Crossposted to the Deadline Dames. Check us out!
The Dames have been answering a lot of questions lately, and I’m going to join the fun. I often get emailed the same questions by a number of different people at once; they seem to come in waves. Here are the three questions about writing I’ve been asked by more than five people in the last two weeks, and my answers. Enjoy!
* How do you get your ideas/How do you know if an idea is good enough for a book/What do you do when you don’t have an idea of what to write? (And various permutations thereof.)
I get asked this in spates, usually about every three months. It kind of puzzles me.
Ideas are not the problem. The discipline to sit down and finish something is the problem. Being worried about “not having ideas” is kind of like living in the Pacific Northwest and being worried there isn’t enough mold. If there’s one thing I’ve never had to worry about, it’s a paucity of shiny things to mentally play with. If you’re reading this, you’re a thinking monkey with an actively-producing-ideas few pounds of meat inside your skull; if you want to be a writer, you always have ideas swarming around inside said skull screaming to get out. There are ideas lurking in your kitchen junk drawer, in the face of every passerby, in every daydream or what-if question. Believe me, the there are enough ideas around to keep everyone busy until the sun explodes, and we won’t even have scratched the surface.
How do you know if an idea is “good enough”? Short answer: You don’t. Longer answer: You don’t until you attempt it. After a few years of constantly attempting stories, you can develop a feel for those ideas that have some meat and legs to them, weight and heft and complexity enough for a short story or a novella, or a novel entire, or a series. You also learn, in the course of those attempts, how to scratch below the surface of a story and discover the complexity in even the simplest of ideas. This can only be learned by doing, like so much else in this line of work.
As for “not having an idea of what to write”…I have never understood that. Is that an attempt to resuscitate the old canard of writer’s block? (There’s a cure for that.) Is it saying “I have so many ideas I can’t pick one?” That’s time-wasting, and a way for your Inner Censor to keep you chasing your own tail. Pick one and go. Is it saying “I don’t want to sit down day after day and do the boring typing?” Well, okay, but that defeats the purpose of being a writer, doesn’t it? Writers write. It doesn’t matter what you write, it matters THAT you write, and if you “can’t find” an idea, the problem isn’t with writing or the ideas. The problem is not opening your eyes and seeing the crowd of ideas that’s screaming “PICK ME! OOOH, PICK ME!” You can go to a mall or a casino and people-watch, you can open up your kitchen drawers, you can watch a few random scenes from a movie or listen to some random songs on shuffle. The genesis of story idea is usually a “What if/Why…” question, and getting into the habit of asking yourself “what if” and “why” about things is sort of the magic set of goggles that will allow you to see that invisible crowd.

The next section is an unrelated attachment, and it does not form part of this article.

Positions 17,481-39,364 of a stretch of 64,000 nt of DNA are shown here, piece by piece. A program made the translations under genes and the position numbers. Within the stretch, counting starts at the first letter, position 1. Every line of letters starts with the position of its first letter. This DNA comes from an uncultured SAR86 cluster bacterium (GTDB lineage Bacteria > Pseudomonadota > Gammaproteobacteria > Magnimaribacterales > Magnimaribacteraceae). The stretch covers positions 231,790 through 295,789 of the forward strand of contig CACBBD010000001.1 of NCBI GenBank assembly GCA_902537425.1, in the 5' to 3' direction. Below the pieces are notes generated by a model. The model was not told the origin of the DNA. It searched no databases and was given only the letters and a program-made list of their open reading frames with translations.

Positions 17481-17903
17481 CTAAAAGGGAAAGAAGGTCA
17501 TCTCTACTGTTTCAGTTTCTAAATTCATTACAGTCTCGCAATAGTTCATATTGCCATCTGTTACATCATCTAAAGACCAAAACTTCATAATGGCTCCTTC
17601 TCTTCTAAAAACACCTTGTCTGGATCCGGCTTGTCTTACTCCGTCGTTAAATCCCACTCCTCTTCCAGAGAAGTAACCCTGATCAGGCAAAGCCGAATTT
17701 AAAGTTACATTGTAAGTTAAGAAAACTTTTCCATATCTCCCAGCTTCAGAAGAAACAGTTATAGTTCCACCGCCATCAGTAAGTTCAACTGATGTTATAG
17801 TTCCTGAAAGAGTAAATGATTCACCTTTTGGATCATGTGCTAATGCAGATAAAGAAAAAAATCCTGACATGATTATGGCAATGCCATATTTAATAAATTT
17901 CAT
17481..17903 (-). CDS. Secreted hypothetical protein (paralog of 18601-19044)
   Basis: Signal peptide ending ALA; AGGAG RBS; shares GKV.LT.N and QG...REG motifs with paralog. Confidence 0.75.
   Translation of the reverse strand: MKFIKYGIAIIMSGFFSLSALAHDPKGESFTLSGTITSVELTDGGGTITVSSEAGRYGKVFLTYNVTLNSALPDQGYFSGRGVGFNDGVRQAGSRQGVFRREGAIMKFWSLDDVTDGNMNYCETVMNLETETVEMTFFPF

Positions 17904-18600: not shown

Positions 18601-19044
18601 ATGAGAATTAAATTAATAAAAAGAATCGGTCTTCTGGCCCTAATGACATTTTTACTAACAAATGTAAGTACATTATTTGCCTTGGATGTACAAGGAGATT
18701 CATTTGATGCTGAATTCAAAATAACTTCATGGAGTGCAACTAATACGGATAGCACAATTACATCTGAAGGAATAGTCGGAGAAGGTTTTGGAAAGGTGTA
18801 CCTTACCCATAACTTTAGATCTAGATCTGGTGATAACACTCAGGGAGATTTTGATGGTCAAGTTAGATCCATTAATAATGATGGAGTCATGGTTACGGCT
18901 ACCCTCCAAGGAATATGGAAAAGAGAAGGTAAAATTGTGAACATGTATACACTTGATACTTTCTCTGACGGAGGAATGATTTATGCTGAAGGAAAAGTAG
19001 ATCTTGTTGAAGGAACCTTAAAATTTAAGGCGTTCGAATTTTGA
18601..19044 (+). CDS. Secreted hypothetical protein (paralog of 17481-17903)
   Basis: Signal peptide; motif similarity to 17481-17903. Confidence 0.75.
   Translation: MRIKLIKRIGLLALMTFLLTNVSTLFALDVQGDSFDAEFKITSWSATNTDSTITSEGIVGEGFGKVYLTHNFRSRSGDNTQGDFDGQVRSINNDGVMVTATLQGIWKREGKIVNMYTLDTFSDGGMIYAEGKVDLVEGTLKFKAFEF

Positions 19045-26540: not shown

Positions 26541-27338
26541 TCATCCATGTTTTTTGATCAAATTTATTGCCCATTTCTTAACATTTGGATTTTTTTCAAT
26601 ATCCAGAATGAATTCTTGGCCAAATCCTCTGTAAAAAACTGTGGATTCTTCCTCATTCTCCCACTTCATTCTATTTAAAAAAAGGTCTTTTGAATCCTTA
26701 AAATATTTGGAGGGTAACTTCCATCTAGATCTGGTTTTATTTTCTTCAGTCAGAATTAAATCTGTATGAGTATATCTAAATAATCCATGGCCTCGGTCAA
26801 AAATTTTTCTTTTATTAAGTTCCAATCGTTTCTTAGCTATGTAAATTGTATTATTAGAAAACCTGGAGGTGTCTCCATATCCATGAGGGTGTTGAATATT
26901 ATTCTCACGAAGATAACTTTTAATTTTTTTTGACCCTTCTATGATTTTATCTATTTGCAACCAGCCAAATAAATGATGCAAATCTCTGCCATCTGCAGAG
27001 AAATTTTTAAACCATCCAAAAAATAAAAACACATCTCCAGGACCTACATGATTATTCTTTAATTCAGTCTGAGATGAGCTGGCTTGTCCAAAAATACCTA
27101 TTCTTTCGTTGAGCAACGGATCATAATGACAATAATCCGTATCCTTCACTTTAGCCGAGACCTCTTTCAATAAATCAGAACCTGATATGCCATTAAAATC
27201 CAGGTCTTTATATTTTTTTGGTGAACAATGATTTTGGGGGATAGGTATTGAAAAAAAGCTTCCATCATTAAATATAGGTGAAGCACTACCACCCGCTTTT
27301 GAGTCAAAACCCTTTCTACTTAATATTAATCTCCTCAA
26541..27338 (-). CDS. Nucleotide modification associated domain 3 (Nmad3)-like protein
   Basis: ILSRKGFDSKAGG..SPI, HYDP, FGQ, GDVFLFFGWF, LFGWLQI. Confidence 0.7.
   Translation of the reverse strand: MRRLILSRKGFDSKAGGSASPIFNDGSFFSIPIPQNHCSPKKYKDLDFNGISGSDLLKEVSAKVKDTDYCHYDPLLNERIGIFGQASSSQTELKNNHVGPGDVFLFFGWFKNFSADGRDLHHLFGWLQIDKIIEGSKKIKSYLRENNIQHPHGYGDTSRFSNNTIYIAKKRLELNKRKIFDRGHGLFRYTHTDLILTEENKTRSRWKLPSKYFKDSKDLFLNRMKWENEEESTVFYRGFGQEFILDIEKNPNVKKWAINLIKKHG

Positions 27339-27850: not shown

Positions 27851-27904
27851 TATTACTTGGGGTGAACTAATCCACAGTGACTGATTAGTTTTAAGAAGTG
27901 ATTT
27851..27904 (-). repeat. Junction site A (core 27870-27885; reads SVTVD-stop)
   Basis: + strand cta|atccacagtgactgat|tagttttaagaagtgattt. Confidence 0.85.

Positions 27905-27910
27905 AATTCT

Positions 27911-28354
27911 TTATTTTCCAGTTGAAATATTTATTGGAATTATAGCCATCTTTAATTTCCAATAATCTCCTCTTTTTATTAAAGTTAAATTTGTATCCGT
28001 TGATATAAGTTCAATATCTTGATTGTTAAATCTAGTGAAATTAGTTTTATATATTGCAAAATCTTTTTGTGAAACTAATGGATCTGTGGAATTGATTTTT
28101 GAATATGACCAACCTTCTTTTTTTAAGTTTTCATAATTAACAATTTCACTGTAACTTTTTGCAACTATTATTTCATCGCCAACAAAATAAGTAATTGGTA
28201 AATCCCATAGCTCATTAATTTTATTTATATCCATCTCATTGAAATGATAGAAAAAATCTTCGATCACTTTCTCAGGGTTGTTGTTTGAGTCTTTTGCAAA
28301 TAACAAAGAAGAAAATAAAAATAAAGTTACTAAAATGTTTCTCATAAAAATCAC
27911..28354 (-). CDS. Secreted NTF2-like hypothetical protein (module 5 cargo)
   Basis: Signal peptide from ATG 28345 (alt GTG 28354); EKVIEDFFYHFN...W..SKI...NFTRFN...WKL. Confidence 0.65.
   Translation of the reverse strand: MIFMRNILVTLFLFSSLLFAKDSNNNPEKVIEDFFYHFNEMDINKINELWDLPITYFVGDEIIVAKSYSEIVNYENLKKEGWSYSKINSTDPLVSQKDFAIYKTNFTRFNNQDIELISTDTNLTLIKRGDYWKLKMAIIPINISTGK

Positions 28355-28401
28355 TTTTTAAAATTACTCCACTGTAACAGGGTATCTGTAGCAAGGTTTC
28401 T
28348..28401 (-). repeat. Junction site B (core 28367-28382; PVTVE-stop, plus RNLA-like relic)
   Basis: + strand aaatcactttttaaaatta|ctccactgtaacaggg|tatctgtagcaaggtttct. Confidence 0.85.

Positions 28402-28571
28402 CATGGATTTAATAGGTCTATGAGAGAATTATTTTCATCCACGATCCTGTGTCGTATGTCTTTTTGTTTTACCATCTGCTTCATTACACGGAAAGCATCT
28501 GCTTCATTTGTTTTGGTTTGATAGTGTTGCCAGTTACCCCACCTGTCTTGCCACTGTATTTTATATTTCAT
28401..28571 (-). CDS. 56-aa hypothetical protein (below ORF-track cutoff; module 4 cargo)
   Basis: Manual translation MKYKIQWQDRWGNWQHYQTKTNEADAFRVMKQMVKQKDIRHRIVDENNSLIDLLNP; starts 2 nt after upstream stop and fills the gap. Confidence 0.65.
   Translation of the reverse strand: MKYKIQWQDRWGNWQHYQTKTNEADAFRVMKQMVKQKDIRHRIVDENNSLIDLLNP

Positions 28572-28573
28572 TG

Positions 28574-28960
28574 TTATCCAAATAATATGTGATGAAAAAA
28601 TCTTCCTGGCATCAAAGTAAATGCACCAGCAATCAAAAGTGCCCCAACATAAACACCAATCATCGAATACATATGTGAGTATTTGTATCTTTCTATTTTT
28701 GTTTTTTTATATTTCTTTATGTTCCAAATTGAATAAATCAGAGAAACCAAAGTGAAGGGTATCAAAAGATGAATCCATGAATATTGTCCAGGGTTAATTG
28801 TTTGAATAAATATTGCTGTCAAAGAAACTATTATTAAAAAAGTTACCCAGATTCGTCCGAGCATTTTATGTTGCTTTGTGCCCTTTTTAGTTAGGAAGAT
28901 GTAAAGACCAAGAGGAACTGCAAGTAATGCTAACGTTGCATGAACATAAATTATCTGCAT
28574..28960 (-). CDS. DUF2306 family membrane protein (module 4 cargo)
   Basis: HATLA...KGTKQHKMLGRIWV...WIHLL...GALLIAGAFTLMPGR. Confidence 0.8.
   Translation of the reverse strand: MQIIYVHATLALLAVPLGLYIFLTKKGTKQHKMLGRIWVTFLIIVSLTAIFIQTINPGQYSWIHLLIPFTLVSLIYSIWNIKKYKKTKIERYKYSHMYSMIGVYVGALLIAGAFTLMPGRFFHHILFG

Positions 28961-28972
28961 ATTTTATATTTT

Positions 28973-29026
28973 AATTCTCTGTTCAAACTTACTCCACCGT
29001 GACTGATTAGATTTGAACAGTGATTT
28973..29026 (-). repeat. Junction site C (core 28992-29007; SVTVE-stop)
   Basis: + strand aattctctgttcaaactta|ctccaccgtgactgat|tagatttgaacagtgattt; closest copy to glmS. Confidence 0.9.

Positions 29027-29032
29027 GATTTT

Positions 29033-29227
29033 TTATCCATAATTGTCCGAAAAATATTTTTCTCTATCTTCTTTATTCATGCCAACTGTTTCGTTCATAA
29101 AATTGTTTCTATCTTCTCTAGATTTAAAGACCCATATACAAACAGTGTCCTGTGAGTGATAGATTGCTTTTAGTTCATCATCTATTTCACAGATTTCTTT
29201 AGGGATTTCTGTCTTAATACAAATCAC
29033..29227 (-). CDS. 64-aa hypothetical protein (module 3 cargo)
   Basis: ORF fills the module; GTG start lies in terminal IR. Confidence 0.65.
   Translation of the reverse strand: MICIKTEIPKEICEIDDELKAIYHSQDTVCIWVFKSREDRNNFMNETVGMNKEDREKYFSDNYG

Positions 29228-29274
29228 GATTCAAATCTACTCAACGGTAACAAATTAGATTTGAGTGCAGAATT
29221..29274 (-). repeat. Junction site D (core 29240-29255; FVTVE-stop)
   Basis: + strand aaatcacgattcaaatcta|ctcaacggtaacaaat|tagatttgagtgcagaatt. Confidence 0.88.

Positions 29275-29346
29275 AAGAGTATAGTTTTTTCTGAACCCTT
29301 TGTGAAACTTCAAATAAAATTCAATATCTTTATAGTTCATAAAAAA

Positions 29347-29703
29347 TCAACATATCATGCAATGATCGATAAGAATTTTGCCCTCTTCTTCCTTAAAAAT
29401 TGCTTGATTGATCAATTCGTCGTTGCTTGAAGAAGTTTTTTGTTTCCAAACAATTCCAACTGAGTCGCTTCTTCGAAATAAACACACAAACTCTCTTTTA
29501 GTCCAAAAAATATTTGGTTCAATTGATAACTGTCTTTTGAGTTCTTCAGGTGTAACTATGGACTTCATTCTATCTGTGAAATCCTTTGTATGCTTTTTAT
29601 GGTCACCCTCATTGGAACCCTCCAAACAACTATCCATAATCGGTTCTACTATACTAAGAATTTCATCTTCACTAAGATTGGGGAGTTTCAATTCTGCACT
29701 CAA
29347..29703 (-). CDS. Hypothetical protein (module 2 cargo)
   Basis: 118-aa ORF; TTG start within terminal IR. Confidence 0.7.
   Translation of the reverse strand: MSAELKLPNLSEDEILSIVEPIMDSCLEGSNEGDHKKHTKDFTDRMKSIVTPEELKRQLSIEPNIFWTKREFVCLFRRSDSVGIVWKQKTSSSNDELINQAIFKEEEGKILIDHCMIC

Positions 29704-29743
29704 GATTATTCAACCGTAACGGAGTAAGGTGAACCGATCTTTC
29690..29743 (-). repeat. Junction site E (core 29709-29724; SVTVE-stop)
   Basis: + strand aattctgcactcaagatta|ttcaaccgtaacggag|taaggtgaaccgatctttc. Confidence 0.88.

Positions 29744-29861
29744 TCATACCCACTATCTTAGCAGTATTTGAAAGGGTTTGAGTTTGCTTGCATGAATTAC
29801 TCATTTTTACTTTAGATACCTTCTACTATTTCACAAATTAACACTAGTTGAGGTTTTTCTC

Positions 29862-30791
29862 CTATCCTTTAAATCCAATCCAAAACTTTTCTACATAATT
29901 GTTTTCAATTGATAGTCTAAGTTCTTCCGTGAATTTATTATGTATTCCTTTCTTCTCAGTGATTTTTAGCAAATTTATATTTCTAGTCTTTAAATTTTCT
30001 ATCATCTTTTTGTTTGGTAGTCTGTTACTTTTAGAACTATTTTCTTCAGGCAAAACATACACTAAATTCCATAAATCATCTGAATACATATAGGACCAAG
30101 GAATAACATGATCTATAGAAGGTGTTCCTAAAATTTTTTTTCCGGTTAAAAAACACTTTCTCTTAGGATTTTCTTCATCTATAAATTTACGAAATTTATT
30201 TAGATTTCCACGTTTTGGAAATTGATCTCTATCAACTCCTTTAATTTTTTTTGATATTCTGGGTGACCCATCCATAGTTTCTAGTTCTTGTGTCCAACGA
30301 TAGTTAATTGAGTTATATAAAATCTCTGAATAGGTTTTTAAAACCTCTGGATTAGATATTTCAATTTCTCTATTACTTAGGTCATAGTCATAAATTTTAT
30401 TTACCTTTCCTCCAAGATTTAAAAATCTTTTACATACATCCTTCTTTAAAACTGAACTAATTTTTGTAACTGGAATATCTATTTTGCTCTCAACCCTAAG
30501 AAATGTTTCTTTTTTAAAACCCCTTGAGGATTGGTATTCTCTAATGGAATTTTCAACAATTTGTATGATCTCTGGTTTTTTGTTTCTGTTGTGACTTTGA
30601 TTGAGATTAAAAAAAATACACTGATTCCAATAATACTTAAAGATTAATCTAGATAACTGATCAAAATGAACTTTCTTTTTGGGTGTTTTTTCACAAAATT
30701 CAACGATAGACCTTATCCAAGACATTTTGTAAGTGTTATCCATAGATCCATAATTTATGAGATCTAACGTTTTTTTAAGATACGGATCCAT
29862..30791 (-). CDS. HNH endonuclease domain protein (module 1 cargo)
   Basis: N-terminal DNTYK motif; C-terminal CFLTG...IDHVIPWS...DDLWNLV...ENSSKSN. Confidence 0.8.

* I am a new/young writer, do you have any advice?
This is an every-six-months sort of question. I’ll get twenty of them in a row every half-year, usually for summer and winter breaks. I kind of want to do a form letter to send back saying “Yes. And yes. And yes. I can only add: pay attention, and do the work.”
* “How much research do you do?”
Every month I get one of these. Short answer: a LOT. Longer answer: well, everything I read is research, every movie I watch is research, every new song I find is research, every time I cook it’s research. All things feed the work. If you’re asking me how many or how few hours of research go into each book, I can’t tell you.
For example, some of the things I researched for the Valentine series included: leaf springs (for hovers), ballistics, brushing up on human and canine anatomy and physiology, the geography of Prague, the battle of Blackbird Fields, legends of the Nephilim, the Goetia, demonology, friction, strata, relative weight of a dotanuki, ethical systems–and other things, too varied to count. The research ranged from simple questions that were answered in a few minutes by looking something up to month-long binges of reading in a particular subject, strip-mining everything I could lay my hands on. I probably research less than most authors of historical fiction, who go deeply into their chosen era, but I range pretty widely. I’m more a magpie researcher; everything I pick up goes into the storeroom and moulders into a fertile sludge there. Your mileage may vary, but I am (as is pretty evident here) a big believer in creative ferment, and in everything that goes into my head serving some sort of purpose, even if only as ballast.
So there you have it, three questions I’ve received numerous times over the last few weeks. I expect a new crop by the turn of the year…